The Adelaide Oval pitch was the quickest it had been during the Test match. And Cummins and Hazlewood are a pairing that will be spoken about someday as being in the same rarefied air as Wasim and Waqar, Ambrose and Walsh, Lillee and Thomson to name a few. It was a cauldron that the Indian batsmen were walking into on Saturday. Kohli would later talk about how his team could have perhaps shown more intent. He for one did try launching a counterattack, which failed almost immediately. But you wonder what the Indians could actually have done differently to what they did to avoid the embarrassment of posting the lowest score in their Test history, and the lowest for any team since the 1950s.
This wasn’t the first or the last collapse we’ll witness in a Test match. Generally, you’d expect at least one batsman to get away and stem the rot, even if only briefly. This was one of those rare occasions though where even that wasn’t to be. Except an inside-edge from Wriddhiman Saha that flew past his leg-stump, none of the Indians seemed to have any amount of fortune on their side either on this rather historic afternoon. Whether it was Pujara or Agarwal or Rahane or Vihari, it wasn’t that they went poking at deliveries that they could have otherwise avoided. They all happened to receive balls that they simply had to play at and get out to.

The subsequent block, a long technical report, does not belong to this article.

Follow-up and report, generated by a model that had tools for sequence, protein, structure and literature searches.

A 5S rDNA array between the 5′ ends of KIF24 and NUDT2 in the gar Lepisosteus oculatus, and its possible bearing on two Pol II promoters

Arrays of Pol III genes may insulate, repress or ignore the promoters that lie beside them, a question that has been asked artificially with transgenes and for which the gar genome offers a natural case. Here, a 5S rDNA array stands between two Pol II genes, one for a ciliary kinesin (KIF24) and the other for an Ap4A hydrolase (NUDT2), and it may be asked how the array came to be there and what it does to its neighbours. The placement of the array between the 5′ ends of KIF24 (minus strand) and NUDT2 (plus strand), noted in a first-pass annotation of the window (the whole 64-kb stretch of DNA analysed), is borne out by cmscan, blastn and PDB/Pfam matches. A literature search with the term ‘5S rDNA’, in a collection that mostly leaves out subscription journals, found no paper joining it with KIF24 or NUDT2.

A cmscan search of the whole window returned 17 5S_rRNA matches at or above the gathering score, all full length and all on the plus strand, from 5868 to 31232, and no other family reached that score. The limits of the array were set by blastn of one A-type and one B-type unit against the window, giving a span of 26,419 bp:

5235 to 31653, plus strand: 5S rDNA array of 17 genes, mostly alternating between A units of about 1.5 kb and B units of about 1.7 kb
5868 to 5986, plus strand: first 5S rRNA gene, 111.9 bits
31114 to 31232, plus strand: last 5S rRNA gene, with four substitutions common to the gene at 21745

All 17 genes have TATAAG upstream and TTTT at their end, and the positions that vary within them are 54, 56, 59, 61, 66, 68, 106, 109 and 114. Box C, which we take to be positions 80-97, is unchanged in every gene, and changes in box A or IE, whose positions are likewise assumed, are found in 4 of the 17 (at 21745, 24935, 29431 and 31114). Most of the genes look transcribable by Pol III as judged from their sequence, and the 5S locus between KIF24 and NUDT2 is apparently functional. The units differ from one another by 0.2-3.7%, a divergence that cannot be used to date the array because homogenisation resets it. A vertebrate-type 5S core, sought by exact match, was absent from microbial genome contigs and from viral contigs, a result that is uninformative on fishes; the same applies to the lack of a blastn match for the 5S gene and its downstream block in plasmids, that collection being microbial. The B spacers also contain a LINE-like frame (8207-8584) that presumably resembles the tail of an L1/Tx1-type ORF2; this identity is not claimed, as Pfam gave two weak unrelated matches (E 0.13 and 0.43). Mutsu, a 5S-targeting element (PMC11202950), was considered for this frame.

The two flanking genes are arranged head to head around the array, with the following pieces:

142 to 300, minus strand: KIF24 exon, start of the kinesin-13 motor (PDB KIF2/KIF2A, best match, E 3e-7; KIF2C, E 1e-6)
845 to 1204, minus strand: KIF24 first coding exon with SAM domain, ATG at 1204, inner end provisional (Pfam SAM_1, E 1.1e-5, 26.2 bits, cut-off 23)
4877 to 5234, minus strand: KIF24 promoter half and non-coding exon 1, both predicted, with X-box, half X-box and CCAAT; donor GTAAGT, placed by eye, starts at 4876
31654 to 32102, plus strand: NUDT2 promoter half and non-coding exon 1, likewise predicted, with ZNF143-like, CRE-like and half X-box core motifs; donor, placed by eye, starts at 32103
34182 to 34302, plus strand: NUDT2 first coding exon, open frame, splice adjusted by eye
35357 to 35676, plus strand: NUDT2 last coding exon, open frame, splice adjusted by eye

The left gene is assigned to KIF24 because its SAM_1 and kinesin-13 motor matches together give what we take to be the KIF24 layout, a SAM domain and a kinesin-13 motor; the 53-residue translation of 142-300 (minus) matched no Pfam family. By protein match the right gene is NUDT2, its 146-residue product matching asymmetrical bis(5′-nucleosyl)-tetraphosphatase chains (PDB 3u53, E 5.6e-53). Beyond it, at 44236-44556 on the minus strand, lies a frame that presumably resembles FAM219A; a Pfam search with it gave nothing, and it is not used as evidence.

For these total knockouts are so rare in cricket, you as a viewer kept expecting the conveyor belt of wickets to halt at some point and for at least one solitary partnership to emerge. You could make out that’s what the Indian dressing-room were expecting to happen too. It simply wasn’t to be though.
In some ways, it felt like watching a TV show where you get the plot, maybe even understand it, but still can’t simply get your head around how or why it’s unfolding the way it is. And it was done literally before you could even press pause to re-read the synopsis.
That Jasprit Bumrah was right on top in terms of batsmen who middled the ball most often in India’s second innings should tell you just how frightening the events of December 19, 2020 were and how they will be remembered. And it was the night-watchman’s departure that set off the daylight heist.
It might be difficult to fathom now after the 36 all out outcome that India actually were in a rather strong position at the start of Day 3. Their huddle before play was a long one with Kohli spending nearly 5 minutes to egg his team on. The third day was expected to be a “batting day” with the opening Test of the series poised to be a potential classic. Then it all went horribly wrong.
In the end, the game hadn’t simply slipped out of India’s fingers. It was more a case of them dropping the ball or more Australia very rudely snatching it from them and kicking them to the floor while at it. And all a shell-shocked Kohli & Co. could do was shake their head in despair and disbelief.